Mindfulness reduces anxiety . Mindfulness creates a state of calm. But neither is mindfulness avoidance of difficult problems.
Mindfulness teaches you to take one breath at a time. A very deep breath sometimes. Thinking about the breathing process, inhale - exhale in itself rhythimic and therefore calming. Stay with it for a minute......
Yikes! You may have to do something right away! Run - Scream - Call for Help - Get a towel to cover the scary boo-boo. For the injured, get a blanket, raise their head.
We panic because we think we are not ready, We panic because we are scared. We might panic because it is genetically attached to us.
Worry is the for-runner of anxiety. Worry is in your head. It becomes anxiety when we are displaying physical symptoms. Like the child above; the scared look and hanging on tight to her mother. The child isn't old enough to fix this situation. The mother can wait for the teacher or have met her in advance. Everyone is doing their best just now - we all get nervous and jittery over big time - first time events. Worry doesn't have to jump to the anxiety phase. We might slow down, review the situation, reasssure ourselves or ask for help.
First, remember your breathe. Are you still inhaling - exhaling? Good. Very Good. Are you in the moment? Aware of the moment? The details? What can you do to help or change the situation? Be observant. What is wrong? Who is the bad guy? Is it bad weather or choppy seas? Driving on ice or in a torrential rain storm? It's five o'clock and dinner is not ready, it's not even started!
If you tend to have a bad time with worry and anxiety, you might want to practice some mindfulness. Start with slow deep breaths. Then acknowledge the anxiety. Remember this creates a space between you and the emotion. Third, repeat a favorite or helpful mantra like, "I can do this!" "Everything is okay." "I am loved." or "Nothing lasts forever." If you are mindful already you can pay attention to your senses - what are they all telling you? This is a distracting, busy technique. The repetition is rhythmic and calms the frantic, nervous mind.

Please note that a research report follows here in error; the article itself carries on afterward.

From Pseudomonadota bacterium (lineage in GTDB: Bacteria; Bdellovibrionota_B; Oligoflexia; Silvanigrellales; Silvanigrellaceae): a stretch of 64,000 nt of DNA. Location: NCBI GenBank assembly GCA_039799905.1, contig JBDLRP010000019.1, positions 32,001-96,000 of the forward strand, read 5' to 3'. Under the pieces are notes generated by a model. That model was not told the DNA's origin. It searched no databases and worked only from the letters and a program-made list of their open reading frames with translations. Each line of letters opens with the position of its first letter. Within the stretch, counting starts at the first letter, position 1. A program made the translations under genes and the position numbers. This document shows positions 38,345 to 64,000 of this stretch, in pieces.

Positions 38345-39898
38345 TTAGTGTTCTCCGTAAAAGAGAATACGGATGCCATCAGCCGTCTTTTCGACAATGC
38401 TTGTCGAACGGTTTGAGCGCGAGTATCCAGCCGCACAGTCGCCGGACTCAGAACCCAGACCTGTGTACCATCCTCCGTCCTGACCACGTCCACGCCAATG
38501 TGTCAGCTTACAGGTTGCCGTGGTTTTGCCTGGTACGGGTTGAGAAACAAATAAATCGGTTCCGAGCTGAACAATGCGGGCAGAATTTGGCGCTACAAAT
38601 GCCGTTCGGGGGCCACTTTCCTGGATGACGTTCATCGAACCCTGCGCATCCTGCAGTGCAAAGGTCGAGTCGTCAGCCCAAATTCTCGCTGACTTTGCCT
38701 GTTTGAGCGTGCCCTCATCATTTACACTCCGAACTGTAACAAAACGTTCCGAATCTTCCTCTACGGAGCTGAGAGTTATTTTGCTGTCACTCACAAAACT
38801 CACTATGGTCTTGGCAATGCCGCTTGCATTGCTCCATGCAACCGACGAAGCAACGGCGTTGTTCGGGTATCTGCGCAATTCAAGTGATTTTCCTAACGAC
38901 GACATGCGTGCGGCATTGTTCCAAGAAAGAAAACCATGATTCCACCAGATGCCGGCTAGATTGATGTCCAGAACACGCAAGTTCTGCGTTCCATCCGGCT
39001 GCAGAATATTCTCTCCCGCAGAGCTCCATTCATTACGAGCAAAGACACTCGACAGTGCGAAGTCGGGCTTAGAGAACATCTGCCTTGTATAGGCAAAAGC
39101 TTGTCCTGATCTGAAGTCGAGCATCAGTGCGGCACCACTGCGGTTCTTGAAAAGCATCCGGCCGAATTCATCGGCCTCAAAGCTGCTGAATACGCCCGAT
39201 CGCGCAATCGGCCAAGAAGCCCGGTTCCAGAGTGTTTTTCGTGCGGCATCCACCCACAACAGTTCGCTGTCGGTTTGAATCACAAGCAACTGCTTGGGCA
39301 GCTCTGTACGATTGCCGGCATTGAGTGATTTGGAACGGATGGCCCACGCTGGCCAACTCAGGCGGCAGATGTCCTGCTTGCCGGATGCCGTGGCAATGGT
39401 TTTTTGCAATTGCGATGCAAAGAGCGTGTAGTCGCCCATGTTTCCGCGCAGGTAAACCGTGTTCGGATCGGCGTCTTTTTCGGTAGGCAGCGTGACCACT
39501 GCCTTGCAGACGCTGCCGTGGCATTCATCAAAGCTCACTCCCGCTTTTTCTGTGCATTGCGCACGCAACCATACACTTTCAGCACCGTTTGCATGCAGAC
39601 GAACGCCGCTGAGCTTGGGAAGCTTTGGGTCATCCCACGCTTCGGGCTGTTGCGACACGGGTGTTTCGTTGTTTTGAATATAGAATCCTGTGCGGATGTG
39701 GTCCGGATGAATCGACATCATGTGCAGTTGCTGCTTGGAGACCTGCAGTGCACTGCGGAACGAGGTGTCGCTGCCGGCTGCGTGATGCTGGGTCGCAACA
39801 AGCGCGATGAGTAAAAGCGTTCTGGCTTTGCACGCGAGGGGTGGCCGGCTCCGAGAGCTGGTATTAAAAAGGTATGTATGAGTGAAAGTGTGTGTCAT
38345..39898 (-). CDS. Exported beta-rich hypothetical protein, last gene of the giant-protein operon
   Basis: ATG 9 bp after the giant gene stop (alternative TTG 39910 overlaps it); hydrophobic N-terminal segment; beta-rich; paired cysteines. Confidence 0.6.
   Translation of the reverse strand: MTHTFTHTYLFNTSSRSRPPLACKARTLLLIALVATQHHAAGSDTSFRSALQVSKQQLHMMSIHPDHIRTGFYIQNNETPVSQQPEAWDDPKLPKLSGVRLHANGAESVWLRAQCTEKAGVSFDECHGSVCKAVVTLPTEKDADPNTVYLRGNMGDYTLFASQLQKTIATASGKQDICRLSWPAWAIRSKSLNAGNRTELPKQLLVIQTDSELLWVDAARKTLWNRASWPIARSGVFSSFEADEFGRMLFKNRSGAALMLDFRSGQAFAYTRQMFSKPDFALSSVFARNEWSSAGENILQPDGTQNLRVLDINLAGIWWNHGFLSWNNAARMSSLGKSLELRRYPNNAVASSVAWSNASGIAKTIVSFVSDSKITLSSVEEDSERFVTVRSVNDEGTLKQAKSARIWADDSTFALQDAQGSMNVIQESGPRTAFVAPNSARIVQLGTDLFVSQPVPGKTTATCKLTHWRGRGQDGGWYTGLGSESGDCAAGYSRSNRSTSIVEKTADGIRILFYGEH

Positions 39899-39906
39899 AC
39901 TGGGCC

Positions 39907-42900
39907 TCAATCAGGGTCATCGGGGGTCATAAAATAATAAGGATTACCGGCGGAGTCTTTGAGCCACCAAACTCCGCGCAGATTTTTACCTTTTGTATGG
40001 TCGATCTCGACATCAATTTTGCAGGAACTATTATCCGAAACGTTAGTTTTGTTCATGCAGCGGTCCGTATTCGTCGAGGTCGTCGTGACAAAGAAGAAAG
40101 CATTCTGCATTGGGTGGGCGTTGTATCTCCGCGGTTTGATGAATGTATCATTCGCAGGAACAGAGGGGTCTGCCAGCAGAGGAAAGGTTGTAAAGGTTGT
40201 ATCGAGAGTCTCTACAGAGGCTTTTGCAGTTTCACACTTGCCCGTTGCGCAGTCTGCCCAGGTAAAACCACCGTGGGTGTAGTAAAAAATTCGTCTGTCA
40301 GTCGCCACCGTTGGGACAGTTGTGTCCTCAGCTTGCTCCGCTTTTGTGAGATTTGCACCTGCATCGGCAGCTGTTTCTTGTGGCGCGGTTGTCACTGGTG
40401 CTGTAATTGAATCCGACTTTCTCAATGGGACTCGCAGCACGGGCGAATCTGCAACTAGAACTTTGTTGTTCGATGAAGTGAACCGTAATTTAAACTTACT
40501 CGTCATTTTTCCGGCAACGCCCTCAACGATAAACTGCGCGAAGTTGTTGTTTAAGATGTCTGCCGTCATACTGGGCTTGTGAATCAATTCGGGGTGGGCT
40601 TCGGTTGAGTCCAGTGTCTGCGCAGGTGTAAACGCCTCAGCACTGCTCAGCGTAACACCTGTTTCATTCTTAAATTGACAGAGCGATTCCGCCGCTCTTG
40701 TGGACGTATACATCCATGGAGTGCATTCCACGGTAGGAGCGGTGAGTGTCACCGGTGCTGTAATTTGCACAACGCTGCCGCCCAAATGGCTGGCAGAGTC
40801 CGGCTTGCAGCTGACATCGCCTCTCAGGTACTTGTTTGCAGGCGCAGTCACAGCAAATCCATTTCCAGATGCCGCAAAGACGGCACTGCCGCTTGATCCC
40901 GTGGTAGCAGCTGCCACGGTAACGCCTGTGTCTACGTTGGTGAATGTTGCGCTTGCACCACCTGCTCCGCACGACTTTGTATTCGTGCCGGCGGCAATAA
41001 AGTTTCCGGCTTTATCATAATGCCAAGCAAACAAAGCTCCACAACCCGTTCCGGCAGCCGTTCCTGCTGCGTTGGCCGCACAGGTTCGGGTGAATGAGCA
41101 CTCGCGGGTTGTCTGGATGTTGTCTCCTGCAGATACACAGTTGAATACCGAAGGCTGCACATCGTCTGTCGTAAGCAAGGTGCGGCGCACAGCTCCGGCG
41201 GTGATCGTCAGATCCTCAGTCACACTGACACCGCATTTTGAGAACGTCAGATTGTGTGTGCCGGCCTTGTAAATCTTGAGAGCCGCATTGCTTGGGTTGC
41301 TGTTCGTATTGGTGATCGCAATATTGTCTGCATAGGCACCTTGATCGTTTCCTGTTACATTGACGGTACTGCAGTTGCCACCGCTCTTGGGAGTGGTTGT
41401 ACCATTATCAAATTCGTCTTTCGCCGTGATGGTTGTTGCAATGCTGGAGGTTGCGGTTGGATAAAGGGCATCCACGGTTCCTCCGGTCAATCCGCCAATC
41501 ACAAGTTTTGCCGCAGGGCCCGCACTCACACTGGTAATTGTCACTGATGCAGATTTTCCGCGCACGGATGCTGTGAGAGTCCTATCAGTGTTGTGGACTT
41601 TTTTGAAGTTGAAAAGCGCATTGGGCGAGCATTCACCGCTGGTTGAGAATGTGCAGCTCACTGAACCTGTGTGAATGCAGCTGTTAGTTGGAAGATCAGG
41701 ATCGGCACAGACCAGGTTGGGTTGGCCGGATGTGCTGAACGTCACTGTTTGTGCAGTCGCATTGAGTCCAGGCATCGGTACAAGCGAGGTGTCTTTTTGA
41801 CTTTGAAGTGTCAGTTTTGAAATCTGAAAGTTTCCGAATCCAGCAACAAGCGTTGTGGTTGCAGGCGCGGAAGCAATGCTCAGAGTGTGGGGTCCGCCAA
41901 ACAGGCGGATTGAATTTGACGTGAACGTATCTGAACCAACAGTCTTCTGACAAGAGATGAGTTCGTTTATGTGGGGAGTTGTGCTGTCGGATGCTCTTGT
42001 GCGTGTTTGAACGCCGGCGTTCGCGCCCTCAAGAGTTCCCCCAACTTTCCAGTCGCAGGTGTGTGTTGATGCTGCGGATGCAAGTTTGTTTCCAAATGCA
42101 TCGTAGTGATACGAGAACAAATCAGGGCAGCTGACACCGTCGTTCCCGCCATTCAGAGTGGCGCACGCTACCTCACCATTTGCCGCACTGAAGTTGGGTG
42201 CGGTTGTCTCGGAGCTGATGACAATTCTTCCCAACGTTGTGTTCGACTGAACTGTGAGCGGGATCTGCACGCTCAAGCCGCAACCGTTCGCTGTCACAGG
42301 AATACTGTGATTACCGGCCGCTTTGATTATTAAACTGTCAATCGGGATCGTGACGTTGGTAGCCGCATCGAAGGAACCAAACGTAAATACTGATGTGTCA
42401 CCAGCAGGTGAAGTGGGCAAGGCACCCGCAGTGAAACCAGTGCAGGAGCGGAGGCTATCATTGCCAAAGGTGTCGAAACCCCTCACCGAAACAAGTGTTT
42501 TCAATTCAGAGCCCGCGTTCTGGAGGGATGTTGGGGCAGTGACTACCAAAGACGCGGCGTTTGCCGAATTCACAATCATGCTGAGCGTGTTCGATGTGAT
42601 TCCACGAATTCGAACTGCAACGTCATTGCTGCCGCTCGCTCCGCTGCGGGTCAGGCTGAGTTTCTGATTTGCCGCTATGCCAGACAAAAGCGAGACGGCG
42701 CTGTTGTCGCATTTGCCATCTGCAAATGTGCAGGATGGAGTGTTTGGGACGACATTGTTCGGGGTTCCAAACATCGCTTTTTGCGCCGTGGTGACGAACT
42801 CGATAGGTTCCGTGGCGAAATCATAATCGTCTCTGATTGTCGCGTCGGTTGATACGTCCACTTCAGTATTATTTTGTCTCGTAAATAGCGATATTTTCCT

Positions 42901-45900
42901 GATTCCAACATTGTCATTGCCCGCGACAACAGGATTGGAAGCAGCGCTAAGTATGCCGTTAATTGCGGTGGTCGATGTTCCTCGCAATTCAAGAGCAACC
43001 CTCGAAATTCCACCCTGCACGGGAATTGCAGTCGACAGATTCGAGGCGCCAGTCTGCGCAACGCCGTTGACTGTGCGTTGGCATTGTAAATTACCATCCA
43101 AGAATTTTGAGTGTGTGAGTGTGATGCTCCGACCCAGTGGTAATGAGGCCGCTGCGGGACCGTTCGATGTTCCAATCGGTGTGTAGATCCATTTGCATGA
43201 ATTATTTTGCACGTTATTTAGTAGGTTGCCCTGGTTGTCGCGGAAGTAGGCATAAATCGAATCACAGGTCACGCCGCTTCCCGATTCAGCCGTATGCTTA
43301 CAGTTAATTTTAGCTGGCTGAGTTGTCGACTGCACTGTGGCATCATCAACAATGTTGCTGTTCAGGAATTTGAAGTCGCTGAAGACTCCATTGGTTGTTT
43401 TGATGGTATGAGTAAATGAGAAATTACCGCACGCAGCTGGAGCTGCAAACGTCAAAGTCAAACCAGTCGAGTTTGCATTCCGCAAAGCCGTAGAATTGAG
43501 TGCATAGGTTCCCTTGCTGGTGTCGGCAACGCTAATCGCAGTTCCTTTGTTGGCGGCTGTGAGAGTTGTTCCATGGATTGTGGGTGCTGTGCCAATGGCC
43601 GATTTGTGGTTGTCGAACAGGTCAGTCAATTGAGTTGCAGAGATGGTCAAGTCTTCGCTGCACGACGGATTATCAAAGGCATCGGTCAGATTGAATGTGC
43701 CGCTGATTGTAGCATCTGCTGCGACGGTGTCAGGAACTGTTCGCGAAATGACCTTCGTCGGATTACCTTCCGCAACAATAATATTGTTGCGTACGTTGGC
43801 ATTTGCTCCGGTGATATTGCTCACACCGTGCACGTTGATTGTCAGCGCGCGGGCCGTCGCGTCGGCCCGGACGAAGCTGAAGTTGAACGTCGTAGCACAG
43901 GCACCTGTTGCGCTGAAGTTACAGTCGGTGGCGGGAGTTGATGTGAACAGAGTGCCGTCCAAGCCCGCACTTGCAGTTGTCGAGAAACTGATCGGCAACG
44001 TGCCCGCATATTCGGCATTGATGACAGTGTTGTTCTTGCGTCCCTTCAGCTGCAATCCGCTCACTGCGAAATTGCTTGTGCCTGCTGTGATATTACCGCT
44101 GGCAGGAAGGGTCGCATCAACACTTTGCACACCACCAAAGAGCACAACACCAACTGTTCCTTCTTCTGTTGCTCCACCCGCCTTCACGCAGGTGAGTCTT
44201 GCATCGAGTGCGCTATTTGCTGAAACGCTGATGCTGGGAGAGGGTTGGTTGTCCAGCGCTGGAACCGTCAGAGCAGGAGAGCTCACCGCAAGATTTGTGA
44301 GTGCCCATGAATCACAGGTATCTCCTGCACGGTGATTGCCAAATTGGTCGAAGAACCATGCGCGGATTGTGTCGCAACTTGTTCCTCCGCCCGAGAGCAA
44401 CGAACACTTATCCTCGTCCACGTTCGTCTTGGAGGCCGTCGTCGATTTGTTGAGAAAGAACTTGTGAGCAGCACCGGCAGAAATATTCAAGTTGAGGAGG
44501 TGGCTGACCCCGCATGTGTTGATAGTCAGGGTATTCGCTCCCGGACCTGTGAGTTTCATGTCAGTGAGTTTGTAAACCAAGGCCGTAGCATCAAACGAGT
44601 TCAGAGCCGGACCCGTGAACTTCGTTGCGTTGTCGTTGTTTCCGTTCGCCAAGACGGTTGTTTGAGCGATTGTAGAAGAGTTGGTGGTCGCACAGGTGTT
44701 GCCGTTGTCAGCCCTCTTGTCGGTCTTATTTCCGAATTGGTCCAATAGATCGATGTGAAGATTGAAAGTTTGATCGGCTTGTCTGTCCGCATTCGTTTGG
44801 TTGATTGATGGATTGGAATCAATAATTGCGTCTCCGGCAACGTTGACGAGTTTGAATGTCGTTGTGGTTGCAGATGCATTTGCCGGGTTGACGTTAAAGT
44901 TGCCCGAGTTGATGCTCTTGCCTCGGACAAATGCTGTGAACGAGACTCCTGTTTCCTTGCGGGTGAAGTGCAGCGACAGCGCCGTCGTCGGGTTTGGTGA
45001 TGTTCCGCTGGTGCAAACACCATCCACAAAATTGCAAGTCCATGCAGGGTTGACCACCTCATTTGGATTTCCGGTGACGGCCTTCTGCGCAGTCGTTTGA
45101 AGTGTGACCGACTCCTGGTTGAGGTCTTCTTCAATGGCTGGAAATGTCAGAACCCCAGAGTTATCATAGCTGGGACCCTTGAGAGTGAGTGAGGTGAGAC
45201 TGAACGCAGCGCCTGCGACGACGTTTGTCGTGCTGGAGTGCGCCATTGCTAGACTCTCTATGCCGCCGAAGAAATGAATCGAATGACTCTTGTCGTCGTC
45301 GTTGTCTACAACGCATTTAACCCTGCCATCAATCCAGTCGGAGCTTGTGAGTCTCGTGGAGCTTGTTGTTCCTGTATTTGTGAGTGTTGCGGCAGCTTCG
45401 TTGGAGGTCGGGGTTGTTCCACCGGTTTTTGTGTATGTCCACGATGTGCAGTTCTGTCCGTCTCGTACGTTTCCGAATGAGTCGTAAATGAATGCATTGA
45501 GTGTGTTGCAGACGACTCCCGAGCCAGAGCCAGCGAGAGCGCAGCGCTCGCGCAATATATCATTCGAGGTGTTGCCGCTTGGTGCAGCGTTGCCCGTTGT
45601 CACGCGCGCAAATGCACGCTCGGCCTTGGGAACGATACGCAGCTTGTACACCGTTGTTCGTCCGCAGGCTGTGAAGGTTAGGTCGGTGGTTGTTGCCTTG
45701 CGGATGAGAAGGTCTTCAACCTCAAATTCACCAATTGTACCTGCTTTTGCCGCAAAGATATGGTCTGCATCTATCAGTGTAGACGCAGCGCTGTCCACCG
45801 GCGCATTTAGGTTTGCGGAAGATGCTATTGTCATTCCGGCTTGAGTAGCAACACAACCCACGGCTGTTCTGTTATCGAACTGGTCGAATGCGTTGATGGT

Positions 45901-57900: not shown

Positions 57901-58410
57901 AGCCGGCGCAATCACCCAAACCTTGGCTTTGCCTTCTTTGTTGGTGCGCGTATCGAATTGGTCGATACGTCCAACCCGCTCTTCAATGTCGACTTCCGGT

Thinking carefully and good preperation are critical in most areas of life. There are so many of us and we are all different. But we live together, shop together, play and work together. Appreciating the differences gives us some distance - an objectivity that helps to not take everything or anything personally. Let's take anyone. Someone you barely know or someone you know very well. They didn't acknowledge you - they haven't called for a week or two! What is wrong! What did you do wrong? Are they okay? Everyone has a phone. Can you call or text them? Hi! How are you? I miss you.
Do you see what got in the way? Fear got in the middle. Maybe "I am not responsible." Practically the same thing. Avoidance. Rather if we realize our differences, our busy schedules, the 'panic' that is somehow everywhere these days, should be reduced. Have compassion for others and ourselves.
We are responsible to do our best each day. This goes up and down each day because everyday is so different. We never know what the next moment will bring. Unless we are always home safe and secluded. If we are interacting with others, we will need to be careful, thoughtful and kind.
Plan ahead. Check the weather. Bring a flashlight. Remember your phone. Remember, you can do this! - It will always be better the next time.